Antonio Caggiano
Cardinal, Archbishop of Buenos Aires
ArchdioceseBuenos Aires
InstalledAugust 15, 1959
Term endedApril 22, 1975
PredecessorSantiago Copello
Fermín Lafitte (ad interim)
SuccessorJuan Carlos Aramburu
OrdinationMarch 23, 1912 (Priest)
ConsecrationMarch 17, 1935 (Archbishop)
Created cardinalFebruary 18, 1946
RankCardinal priest of San Lorenzo in Panisperna
Personal details
Antonio Caggiano

(1889-01-30)January 30, 1889
DiedOctober 23, 1979(1979-10-23) (aged 90)
Buenos Aires
BuriedBuenos Aires Metropolitan Cathedral
DenominationRoman Catholic Church
Alma materSeminary of Santa Fe
Styles of
Antonio Caggiano
Reference styleHis Eminence
Spoken styleYour Eminence
Informal styleCardinal
SeeBuenos Aires

Antonio Caggiano (30 January 1889 – 23 October 1979) was an archbishop and a cardinal of the Roman Catholic Church in Argentina. He played a part in helping Nazi sympathisers and war criminals escape prosecution in Europe by easing their passage to South America.


Caggiano was born in Coronda, Santa Fe Province. He studied in the seminary of Santa Fe and became a priest there in 1908, at the age of 23. From 1913 to 1931 he taught at the seminary. In the 1920s he was sent to Rome by the Argentine episcopacy, together with three other priests, in order to study the organization of the Azione Cattolica (the Italian Catholic Action). The Argentine Catholic Action was founded in 1931 following this model.

Caggiano was appointed the first bishop of the newly erected Diocese of Rosario on 13 September 1934, for which he was consecrated on 14 March 1935. Pope Pius XII elevated him to Cardinal on 18 February 1946.

In his 2002 book The Real Odessa[1] Uki Goñi showed that Argentine diplomats and intelligence officers had, on Perón's instructions, vigorously encouraged Nazi and Fascist war criminals to make their home in Argentina. Argentina's first move into Nazi smuggling was in January 1946, when Caggiano flew with Bishop Agustín Barrére to Rome where Caggiano was due to be created cardinal. While in Rome, the Argentine bishops met with French Cardinal Eugène Tisserant, where they passed on a message (recorded in Argentina's diplomatic archives) that "the Government of the Argentine Republic was willing to receive French persons, whose political attitude during the recent war would expose them, should they return to France, to harsh measures and private revenge". Over the spring of 1946 a number of French war criminals, fascists and Vichy officials made it from Italy to Argentina in the same way: they were issued passports by the Rome ICRC office; these were then stamped with Argentine tourist visas (the need for health certificates and return tickets was waived on Caggiano's recommendation). The first documented case of a French war criminal arriving in Buenos Aires was Emile Dewoitine, who was later sentenced in absentia to 20 years hard labour. He sailed first class on the same ship back with Cardinal Caggiano.[2][3]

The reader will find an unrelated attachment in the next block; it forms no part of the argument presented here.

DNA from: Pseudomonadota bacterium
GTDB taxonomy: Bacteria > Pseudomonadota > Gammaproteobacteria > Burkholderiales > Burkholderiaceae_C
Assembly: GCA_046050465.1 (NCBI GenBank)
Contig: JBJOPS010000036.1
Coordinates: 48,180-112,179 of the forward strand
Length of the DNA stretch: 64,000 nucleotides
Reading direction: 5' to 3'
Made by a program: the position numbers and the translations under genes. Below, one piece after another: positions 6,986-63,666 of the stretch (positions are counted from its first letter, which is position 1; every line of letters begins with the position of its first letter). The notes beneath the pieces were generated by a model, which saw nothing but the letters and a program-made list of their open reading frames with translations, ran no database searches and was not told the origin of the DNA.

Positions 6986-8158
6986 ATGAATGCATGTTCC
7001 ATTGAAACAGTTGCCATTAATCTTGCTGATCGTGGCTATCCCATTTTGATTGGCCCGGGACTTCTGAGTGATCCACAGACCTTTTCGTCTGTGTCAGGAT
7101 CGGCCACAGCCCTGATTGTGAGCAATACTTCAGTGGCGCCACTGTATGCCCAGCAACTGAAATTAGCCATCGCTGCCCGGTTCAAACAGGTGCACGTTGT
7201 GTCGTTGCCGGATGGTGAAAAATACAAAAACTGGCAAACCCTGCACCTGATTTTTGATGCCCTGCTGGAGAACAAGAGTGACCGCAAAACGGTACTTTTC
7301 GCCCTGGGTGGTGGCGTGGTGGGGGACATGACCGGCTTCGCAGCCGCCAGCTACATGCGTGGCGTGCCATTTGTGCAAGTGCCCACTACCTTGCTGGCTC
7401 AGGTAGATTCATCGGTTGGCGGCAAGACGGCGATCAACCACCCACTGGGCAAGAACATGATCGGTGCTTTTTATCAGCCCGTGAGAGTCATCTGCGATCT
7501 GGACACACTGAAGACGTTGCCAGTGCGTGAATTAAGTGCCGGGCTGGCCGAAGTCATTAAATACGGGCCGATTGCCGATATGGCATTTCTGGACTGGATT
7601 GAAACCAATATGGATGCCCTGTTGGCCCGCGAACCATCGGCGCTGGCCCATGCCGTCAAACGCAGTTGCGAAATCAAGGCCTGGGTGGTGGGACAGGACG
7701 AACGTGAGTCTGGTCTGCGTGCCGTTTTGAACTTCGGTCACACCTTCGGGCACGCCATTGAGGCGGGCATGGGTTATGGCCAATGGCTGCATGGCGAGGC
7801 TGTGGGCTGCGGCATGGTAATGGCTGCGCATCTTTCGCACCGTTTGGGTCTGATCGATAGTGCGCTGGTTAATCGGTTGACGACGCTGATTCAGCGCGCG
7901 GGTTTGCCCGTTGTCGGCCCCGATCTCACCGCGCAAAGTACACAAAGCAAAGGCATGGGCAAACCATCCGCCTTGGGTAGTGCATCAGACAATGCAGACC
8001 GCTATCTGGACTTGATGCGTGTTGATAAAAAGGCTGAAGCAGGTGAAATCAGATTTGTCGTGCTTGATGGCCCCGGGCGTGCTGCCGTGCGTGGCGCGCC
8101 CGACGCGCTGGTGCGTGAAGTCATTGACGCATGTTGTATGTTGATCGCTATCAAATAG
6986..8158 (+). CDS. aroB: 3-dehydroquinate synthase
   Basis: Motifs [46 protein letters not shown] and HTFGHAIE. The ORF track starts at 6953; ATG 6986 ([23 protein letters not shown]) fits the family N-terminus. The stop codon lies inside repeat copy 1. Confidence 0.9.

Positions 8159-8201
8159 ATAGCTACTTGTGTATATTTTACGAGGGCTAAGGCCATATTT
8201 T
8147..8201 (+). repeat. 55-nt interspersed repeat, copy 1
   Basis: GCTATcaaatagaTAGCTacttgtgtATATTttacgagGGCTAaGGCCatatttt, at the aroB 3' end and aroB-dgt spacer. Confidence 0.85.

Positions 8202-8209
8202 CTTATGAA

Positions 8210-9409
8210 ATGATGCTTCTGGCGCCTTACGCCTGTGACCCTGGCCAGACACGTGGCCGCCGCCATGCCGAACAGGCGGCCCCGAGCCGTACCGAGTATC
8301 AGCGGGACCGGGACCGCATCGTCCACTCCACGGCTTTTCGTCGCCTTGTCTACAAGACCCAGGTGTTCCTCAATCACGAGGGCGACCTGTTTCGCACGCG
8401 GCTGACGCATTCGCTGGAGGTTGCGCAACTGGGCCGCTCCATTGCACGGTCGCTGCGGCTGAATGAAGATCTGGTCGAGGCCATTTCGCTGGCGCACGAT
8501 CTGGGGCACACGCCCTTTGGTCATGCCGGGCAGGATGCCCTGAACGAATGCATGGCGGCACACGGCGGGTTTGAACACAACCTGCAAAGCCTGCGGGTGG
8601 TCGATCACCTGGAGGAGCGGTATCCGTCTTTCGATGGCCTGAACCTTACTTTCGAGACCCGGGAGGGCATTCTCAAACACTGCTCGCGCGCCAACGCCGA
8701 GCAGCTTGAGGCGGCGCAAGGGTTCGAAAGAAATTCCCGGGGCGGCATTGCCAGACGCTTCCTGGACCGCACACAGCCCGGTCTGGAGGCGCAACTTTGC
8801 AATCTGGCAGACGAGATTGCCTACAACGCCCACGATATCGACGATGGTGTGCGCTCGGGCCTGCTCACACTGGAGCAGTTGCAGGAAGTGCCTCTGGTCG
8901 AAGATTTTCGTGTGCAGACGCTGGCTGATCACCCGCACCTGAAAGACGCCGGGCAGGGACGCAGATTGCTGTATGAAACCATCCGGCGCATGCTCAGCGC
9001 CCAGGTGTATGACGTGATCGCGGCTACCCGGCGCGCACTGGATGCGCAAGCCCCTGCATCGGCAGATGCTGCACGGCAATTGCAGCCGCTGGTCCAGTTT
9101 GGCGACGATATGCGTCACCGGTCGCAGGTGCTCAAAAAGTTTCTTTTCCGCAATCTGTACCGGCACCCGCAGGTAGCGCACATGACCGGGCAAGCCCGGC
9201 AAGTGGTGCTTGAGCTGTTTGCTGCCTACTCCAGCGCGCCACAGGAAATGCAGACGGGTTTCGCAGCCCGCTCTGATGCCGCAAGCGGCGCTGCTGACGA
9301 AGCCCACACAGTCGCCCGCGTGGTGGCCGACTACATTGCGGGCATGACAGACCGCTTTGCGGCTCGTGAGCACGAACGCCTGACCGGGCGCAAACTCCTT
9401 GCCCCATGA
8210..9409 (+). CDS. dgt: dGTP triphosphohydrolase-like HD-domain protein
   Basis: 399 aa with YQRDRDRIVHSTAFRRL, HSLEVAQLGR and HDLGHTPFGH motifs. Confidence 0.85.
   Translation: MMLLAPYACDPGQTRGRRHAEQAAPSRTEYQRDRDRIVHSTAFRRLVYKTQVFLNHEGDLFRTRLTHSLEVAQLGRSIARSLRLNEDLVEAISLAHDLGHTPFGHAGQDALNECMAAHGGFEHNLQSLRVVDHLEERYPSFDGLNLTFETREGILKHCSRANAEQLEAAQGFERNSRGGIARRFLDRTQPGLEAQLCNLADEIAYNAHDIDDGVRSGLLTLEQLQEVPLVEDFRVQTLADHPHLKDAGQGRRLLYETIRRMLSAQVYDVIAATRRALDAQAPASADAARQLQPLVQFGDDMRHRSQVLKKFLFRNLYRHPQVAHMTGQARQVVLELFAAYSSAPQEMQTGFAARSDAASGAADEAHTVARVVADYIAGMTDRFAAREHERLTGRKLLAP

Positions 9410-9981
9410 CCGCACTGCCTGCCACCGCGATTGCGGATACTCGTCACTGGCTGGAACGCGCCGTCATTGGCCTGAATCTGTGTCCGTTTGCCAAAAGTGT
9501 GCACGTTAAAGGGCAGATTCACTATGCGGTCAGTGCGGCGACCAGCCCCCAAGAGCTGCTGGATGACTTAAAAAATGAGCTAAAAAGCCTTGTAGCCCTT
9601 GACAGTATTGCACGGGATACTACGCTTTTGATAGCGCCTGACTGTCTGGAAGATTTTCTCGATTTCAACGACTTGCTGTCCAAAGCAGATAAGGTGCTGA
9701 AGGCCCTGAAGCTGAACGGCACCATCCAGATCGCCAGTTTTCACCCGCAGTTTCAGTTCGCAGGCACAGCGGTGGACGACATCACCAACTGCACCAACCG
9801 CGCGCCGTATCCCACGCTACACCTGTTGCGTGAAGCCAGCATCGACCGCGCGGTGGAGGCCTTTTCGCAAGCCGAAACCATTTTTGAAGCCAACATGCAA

Caggiano participated in the 1958 and 1963 Papal conclaves, but his age prevented him from participating in the conclaves of 1978.

On 15 August 1959 he was appointed Archbishop of Buenos Aires. He was installed there on 25 October. On 14 December of that year he was also appointed head of the Military Ordinariate of Argentina.

Caggiano retired from the Archbishopric on 22 April 1975, and resigned from the Military Ordinariate on 7 July of the same year. He was the Archbishop Emeritus of Buenos Aires for four more years. He died in 1979, at the age of 90, and was buried in the Metropolitan Cathedral of Buenos Aires.


Le Marxisme-Léninisme

In 1961, Caggiano wrote a prologue for the Spanish translation by Juan Francisco Guevara (who later became a colonel) of Le Marxisme-léninisme, written by Jean Ousset, private secretary of monarchist intellectual Charles Maurras, and founder of the Cité catholique fundamentalist organization. The book states that Marxism–Leninism can be successfully combated only by a "profound faith, an unlimited obedience to the Holy Father, and a thorough knowledge of the Church's doctrines"; and Caggiano thanked the "men of La Ciudad Católica of Argentina" for publishing the book.[4]